POLITICO was unable to confirm the veracity of the pro-Stefanik whisper campaign against Banks. But whether real or rumor, the pushback from allies of the former president’s eldest son could imperil the New York Republican’s hopes of elevating to a bigger party post. One year after deposing anti-Trump Rep. Liz Cheney (R-Wyo.) from the No. 3 House Republican post, Stefanik is now considered a contender for the whip’s role in a potential GOP majority next year.
Trump Jr. allies were recently told that Stefanik’s camp was behind an effort to plant negative stories about Rep. Jim Banks (R-Ind.).
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A Stefanik spokesperson denied that Trump Jr. allies had relayed any such message, calling it “another desperate attempt to falsely and anonymously smear Congresswoman Stefanik and her team.”
“No one has reached out to our team about this malicious dishonest rumor other than you,” said spokesperson Ali Black. “While others seem to be focused on attacking Congresswoman Stefanik, she is laser focused on giving 100 percent as Conference Chair and representative for NY’s 21st District.”
One Republican familiar with the conversations said the behind-the-scenes furor began when people in Trump Jr.’s circle heard about Stefanik’s team making comments to the press that targeted Banks and Buckley Carlson, who’s worked for the Republican Study Committee chair since 2019. Trump Jr. allies made their displeasure with Stefanik clear through mutual friends, according to this Republican.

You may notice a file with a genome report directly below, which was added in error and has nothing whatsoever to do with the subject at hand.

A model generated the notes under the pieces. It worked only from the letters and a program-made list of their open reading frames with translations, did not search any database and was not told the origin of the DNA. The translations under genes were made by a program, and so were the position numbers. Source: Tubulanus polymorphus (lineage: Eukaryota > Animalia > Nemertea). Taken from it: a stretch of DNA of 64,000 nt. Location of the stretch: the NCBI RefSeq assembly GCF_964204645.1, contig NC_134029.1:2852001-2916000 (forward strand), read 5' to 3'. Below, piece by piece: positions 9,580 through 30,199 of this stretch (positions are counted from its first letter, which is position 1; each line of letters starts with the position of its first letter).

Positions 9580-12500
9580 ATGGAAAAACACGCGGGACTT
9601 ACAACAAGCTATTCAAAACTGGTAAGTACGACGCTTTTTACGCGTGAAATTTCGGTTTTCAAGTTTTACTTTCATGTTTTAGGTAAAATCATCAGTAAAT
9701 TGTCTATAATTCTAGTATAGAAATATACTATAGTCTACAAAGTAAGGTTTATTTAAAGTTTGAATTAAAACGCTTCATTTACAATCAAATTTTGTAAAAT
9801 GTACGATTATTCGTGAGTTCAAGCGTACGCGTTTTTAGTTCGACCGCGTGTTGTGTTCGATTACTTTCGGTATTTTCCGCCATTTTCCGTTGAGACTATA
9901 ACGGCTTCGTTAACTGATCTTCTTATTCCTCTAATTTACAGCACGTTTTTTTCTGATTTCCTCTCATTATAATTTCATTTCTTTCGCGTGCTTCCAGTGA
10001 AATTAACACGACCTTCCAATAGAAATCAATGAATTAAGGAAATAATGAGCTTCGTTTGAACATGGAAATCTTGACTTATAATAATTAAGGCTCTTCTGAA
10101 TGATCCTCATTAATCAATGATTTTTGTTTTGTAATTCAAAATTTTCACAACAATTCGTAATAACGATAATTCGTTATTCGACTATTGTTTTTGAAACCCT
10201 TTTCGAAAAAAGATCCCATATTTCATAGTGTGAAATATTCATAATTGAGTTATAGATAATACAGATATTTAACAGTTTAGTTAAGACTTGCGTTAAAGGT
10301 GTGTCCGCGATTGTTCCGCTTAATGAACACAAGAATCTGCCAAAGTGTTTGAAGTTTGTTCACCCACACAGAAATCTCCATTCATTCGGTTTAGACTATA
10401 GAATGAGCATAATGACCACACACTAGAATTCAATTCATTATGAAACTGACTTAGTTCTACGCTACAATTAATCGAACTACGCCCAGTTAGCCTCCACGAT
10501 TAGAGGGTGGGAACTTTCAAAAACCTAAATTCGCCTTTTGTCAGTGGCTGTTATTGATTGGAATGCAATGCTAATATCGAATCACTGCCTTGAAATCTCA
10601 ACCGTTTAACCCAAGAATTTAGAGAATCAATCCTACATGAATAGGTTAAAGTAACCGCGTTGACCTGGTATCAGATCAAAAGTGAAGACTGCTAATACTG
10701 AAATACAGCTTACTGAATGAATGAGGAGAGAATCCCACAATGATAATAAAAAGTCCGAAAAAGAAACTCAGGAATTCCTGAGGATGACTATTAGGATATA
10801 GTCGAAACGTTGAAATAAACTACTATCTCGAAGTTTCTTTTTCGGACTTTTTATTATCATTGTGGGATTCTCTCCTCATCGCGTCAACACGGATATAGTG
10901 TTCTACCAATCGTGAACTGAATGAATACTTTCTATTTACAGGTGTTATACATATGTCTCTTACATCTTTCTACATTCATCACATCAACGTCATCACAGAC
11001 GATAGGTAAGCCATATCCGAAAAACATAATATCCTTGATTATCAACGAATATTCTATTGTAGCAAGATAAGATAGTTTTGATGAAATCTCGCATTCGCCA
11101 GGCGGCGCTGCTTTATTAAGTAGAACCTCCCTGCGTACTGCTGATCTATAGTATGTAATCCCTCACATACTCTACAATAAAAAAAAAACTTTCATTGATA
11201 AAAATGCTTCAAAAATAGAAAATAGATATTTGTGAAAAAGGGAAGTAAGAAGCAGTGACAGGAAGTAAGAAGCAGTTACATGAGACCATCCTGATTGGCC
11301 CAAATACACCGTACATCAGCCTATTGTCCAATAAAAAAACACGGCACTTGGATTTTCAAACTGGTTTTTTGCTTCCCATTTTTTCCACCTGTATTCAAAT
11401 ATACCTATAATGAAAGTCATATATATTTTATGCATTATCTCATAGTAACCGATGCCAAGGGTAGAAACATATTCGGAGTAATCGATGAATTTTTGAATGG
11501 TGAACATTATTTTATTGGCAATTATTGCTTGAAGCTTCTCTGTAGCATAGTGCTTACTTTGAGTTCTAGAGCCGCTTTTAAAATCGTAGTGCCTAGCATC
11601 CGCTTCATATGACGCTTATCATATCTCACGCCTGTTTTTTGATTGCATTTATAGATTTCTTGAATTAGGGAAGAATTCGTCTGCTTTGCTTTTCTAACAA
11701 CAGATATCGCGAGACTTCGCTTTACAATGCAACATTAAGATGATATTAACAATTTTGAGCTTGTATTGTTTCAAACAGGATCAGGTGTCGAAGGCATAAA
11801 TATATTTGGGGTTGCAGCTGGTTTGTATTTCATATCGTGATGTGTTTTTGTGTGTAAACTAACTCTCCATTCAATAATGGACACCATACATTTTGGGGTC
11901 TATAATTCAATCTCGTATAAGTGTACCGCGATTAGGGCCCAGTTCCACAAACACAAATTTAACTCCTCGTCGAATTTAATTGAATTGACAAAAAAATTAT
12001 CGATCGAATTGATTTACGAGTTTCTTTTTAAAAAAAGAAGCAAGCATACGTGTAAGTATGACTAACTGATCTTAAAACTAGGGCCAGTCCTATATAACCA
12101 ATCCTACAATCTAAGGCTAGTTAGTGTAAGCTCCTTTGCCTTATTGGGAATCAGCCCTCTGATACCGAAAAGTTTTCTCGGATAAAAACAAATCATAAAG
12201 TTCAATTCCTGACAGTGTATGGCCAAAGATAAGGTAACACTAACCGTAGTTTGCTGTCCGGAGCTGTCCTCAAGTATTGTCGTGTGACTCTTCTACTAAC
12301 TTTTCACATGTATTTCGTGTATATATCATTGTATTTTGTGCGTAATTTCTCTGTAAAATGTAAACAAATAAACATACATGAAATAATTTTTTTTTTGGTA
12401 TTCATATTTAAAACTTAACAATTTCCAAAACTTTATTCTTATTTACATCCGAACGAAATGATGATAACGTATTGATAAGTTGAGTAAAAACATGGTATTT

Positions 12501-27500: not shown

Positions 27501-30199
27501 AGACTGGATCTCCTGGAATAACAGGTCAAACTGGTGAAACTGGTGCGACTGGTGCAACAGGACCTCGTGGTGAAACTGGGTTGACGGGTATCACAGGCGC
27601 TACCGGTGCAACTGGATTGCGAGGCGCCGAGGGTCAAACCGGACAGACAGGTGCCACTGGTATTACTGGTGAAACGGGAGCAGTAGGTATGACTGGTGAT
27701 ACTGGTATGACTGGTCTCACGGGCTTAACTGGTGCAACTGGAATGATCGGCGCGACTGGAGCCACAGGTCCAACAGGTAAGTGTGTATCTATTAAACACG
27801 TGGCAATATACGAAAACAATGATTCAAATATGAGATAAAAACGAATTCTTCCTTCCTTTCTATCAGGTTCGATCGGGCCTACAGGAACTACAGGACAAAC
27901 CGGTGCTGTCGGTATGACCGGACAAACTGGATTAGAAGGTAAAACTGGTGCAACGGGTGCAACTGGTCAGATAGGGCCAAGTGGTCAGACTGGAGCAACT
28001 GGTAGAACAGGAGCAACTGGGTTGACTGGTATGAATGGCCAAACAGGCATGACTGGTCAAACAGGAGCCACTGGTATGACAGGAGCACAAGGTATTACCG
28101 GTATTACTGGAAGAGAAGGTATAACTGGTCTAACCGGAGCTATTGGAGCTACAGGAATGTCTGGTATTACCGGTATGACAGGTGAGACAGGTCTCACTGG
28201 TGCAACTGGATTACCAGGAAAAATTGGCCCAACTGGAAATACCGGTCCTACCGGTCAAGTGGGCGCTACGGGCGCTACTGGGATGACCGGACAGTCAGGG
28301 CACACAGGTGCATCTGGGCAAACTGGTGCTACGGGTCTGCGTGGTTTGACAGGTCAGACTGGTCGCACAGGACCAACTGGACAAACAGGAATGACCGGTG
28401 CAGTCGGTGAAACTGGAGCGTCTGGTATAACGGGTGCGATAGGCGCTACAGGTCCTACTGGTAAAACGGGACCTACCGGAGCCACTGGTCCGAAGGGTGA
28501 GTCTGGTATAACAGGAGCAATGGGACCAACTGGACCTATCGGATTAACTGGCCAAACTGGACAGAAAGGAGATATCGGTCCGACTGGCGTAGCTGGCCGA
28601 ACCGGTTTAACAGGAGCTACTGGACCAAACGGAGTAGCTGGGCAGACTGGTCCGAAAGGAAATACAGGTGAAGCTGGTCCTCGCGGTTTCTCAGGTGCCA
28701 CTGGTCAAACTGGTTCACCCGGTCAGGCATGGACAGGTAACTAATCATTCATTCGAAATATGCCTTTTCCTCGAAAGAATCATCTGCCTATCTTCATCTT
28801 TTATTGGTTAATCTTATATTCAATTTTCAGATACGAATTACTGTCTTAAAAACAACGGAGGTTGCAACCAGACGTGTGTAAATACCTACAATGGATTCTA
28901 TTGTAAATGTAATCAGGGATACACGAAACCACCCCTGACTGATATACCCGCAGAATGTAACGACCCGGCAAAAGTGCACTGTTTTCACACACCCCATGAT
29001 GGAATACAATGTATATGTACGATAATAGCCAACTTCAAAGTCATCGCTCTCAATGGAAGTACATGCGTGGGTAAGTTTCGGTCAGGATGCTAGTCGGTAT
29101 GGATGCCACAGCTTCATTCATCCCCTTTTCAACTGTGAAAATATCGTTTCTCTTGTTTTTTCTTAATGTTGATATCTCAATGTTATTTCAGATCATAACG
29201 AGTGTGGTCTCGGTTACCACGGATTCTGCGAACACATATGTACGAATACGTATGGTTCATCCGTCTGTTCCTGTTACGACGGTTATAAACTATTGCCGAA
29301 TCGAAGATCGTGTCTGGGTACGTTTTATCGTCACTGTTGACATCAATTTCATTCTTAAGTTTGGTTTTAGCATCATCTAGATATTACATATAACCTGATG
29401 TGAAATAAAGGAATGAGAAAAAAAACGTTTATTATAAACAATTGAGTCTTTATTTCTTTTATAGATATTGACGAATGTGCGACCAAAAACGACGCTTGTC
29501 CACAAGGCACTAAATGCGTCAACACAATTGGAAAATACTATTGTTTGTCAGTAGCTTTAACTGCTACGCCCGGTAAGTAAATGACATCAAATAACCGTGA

A spokesperson for Banks’ office did not respond to a request for comment.
These races get cutthroat, and they’re cutthroat because they’re about the race that is going to happen immediately after the elections, but also about setting yourself or allies up for future races.
While Trump Jr.’s allies may have offered their displeasure with Stefanik, it appears she hasn’t alienated the former president himself. Stefanik is slated to deliver a “special video address” at the former president’s rally for Cheney challenger Harriet Hageman in Casper, Wyo., this weekend and is poised to headline a rally with Trump early next month at Trump National Golf Club in her home state.
Encouraging reporters to run negative stories about political rivals is hardly rare on Capitol Hill, particularly as jostling begins to intensify among House Republicans seeking to climb the leadership ladder under next year’s increasingly likely GOP majority. Stefanik has options for her next role. But exploring them means she will likely invite a slew of possible competitors should she run for posts like the majority whip or conference chair next year. That potentially includes Banks.
But any efforts to raise Buckley Carlson could be the political equivalent of touching the third rail: The son of one of conservative media’s most influential voices has his own friends in powerful circles.